Small-gauge pars plana vitrectomy: a report by the American Academy of Ophthalmology.

Michael Ip // Publications // Sep 01 2010

PubMed ID: 20816248

Author(s): Recchia FM, Scott IU, Brown GC, Brown MM, Ho AC, Ip MS. Small-gauge pars plana vitrectomy: a report by the American Academy of Ophthalmology. Ophthalmology. 2010 Sep;117(9):1851-7. doi: 10.1016/j.ophtha.2010.06.014. Review. PMID 20816248

Journal: Ophthalmology, Volume 117, Issue 9, Sep 2010

OBJECTIVE To review available peer-reviewed publications to evaluate the safety profile and visual outcomes associated with small-gauge pars plana vitrectomy.

METHODS Literature searches of the PubMed and the Cochrane Library databases were last conducted on August 5, 2009, with no date restrictions. The searches were limited to articles published in English. These searches retrieved 328 articles, of which 76 were deemed topically relevant and rated according to strength of evidence.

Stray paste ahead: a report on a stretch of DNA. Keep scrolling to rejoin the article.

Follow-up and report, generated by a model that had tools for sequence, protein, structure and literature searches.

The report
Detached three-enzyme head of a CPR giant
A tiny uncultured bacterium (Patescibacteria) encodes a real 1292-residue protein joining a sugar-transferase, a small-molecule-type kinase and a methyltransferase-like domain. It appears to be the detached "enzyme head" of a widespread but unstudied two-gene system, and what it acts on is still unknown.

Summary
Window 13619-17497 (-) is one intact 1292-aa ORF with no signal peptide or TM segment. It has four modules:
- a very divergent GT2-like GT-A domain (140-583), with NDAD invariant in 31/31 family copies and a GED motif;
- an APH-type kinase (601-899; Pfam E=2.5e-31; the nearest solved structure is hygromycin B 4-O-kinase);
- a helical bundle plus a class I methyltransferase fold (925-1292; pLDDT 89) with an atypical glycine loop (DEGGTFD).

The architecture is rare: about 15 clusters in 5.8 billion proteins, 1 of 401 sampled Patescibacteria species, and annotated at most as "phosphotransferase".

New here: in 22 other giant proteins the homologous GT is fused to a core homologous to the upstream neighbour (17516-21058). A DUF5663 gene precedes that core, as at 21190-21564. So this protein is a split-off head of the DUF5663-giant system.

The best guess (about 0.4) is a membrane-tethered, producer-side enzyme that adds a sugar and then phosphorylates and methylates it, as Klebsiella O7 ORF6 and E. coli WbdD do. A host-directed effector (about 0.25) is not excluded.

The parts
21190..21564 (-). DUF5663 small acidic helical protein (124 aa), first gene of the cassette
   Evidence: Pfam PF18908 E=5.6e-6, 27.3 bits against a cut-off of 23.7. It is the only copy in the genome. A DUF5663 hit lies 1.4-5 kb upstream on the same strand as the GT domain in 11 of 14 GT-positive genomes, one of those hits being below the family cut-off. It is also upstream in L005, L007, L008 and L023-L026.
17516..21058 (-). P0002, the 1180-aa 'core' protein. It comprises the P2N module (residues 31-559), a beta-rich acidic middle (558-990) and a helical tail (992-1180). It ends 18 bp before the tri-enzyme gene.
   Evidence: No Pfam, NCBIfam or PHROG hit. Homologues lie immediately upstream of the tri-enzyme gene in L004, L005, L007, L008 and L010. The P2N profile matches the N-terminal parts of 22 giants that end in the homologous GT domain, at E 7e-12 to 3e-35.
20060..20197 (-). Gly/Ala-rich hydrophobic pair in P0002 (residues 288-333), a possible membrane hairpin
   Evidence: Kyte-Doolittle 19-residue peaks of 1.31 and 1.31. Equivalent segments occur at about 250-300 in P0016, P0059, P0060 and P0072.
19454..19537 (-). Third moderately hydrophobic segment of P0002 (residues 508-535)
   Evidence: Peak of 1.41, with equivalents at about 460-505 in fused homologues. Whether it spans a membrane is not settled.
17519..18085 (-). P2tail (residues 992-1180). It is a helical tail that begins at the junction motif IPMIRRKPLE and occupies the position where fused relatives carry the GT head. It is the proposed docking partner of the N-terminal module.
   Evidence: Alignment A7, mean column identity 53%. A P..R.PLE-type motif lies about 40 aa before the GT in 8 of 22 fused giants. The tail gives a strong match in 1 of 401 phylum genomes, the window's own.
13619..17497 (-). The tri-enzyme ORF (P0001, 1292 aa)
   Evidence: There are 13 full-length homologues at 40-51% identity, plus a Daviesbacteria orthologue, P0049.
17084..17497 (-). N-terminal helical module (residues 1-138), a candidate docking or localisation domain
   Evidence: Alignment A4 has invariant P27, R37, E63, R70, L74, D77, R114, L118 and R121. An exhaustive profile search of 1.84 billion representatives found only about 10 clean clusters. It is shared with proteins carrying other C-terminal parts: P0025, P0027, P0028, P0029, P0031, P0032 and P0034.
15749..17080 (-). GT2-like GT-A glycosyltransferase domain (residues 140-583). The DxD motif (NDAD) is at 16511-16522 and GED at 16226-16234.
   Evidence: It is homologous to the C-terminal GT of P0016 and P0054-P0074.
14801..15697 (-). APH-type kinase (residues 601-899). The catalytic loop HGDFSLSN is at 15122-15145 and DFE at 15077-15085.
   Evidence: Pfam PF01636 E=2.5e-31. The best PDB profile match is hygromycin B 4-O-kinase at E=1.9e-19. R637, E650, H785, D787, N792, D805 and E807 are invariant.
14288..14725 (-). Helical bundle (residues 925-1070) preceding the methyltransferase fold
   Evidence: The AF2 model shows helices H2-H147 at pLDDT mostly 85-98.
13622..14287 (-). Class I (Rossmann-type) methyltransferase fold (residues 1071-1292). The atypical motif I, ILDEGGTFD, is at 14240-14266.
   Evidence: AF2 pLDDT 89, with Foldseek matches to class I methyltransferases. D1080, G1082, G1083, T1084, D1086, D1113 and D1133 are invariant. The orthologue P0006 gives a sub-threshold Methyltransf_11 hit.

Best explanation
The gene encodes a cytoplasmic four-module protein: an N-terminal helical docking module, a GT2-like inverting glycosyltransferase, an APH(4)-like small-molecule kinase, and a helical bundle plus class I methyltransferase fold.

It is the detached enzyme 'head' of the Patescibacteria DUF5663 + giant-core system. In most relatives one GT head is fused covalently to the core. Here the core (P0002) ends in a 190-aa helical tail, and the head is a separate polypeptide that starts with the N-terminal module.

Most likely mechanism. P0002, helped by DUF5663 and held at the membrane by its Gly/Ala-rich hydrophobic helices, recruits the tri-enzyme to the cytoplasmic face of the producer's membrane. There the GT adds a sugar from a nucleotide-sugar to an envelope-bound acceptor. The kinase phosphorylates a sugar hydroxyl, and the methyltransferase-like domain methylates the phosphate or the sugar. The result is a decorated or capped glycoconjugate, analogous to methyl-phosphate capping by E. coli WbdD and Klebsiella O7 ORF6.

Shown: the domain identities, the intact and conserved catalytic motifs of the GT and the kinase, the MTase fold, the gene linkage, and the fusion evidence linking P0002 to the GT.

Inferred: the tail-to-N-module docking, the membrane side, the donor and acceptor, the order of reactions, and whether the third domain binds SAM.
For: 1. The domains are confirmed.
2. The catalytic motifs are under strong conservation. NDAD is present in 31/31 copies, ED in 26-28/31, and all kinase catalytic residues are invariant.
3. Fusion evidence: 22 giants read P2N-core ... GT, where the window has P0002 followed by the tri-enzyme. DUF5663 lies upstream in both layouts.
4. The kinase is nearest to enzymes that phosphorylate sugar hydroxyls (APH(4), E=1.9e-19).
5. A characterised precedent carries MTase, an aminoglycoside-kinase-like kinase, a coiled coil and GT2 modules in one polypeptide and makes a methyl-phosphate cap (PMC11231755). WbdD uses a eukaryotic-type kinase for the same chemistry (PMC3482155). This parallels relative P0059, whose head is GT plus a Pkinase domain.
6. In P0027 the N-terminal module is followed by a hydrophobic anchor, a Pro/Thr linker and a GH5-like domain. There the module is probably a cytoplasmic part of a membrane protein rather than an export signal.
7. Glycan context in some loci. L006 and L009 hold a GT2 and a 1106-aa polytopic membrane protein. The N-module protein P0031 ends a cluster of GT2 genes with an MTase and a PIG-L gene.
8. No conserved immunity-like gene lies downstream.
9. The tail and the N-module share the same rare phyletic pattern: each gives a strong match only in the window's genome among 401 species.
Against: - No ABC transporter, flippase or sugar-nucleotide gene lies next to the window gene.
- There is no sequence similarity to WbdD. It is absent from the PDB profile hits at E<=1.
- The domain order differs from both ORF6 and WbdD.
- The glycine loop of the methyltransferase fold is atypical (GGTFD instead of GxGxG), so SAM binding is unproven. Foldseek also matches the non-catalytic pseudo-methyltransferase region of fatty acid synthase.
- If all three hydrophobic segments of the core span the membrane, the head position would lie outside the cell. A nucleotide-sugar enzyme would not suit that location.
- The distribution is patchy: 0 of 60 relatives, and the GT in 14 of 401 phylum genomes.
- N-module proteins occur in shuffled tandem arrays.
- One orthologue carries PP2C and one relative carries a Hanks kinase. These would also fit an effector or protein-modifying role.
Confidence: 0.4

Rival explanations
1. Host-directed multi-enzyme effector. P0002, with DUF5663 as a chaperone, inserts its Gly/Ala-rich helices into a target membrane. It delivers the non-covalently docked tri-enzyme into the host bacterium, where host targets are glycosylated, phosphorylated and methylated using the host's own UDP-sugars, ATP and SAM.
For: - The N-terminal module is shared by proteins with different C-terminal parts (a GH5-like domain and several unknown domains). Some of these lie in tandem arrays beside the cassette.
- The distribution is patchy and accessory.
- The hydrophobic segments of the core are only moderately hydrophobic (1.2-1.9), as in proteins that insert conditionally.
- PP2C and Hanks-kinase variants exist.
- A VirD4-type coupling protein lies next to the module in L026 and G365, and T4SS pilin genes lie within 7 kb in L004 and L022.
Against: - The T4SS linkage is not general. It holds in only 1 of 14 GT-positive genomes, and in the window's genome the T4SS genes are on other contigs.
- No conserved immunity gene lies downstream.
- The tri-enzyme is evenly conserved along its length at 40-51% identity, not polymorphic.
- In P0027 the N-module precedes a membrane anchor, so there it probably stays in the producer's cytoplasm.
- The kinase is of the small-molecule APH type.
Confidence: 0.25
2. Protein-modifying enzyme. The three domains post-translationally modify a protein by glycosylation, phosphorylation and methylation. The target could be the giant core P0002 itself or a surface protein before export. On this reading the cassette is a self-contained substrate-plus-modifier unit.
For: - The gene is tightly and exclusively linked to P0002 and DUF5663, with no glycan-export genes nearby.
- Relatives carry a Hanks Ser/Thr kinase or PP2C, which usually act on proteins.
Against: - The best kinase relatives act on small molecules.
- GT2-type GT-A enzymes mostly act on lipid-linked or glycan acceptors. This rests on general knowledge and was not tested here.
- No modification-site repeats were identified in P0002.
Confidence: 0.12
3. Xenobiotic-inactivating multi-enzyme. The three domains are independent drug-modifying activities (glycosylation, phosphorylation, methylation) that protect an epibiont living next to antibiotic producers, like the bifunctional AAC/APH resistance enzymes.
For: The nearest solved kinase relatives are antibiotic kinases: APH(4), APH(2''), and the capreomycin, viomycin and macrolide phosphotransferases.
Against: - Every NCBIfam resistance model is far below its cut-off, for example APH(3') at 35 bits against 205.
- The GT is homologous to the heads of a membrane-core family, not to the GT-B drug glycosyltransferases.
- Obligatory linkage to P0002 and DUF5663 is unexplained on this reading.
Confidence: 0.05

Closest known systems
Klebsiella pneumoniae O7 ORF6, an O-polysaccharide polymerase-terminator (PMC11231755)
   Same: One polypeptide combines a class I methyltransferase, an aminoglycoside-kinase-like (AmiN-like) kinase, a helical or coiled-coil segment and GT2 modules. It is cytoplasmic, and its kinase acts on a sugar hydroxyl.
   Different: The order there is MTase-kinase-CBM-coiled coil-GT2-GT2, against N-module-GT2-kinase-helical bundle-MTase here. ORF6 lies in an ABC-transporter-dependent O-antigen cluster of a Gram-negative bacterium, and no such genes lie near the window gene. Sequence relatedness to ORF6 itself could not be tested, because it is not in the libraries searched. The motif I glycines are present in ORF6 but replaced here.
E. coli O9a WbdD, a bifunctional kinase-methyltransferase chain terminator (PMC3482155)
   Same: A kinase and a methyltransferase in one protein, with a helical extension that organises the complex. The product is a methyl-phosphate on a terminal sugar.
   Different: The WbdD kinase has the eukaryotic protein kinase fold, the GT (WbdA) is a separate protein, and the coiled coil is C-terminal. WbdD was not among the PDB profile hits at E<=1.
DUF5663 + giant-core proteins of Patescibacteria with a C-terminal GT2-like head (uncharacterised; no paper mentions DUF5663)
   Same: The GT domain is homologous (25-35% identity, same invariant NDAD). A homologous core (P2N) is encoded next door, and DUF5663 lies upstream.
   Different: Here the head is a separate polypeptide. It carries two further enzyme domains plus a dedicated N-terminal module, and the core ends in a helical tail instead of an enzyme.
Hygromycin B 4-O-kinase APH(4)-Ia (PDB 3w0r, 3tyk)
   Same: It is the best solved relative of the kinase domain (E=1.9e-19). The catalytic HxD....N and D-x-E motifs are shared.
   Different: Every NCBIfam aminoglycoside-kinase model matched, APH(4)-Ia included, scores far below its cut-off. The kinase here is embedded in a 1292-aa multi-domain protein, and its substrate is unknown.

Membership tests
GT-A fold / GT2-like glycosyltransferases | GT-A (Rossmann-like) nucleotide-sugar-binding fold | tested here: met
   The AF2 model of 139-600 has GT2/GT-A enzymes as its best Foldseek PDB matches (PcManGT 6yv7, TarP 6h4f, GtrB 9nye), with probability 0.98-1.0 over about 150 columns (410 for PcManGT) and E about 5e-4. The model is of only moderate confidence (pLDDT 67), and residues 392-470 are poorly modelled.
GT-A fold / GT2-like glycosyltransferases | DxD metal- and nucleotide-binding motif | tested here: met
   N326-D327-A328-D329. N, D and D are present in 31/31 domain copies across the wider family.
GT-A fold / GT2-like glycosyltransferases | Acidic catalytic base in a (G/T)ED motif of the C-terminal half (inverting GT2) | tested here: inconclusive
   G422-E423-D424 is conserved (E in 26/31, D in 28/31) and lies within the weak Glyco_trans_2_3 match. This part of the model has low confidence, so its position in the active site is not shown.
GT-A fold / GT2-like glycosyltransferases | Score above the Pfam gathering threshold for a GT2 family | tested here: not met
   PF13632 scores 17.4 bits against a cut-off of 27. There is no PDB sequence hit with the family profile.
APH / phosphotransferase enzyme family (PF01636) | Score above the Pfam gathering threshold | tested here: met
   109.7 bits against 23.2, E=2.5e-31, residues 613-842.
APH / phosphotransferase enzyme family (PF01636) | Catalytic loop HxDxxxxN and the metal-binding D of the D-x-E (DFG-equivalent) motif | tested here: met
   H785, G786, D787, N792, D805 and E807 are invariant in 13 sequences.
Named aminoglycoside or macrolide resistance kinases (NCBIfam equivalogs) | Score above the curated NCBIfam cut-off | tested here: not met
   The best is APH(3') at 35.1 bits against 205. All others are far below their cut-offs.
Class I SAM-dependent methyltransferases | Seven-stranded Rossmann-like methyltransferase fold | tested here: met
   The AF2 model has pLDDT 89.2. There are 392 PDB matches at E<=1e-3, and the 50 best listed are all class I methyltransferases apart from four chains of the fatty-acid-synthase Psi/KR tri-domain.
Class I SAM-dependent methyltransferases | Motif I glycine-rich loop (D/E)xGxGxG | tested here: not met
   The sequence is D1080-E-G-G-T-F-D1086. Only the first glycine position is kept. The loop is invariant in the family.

RESULTS On the basis of level II and level III evidence, the overall safety profile of small-gauge pars plana vitrectomy is similar to that established for conventional 20-gauge pars plana vitrectomy and provides comparable visual acuity results. An increased incidence of infectious endophthalmitis after 25-gauge vitrectomy was reported in 2 comparative studies, but this was not found in multiple, larger, more recent studies, perhaps due to modifications in case selection and surgical technique over time. Compared with 20-gauge vitrectomy, small-gauge vitrectomy is associated with significantly lower levels of patient discomfort and ocular inflammation, and the time required for improvement in visual acuity is shorter.

CONCLUSIONS The technological advances of small-gauge vitrectomy seem to afford visual benefit comparable with that seen with traditional 20-gauge surgery, with more rapid healing, less discomfort, and an acceptably low incidence of adverse events comparable with those observed with conventional 20-gauge vitrectomy. As surgical techniques evolve and clinical experience grows, continued close surveillance is necessary for an accurate assessment of complications.

Copyright © 2010 American Academy of Ophthalmology. Published by Elsevier Inc. All rights reserved.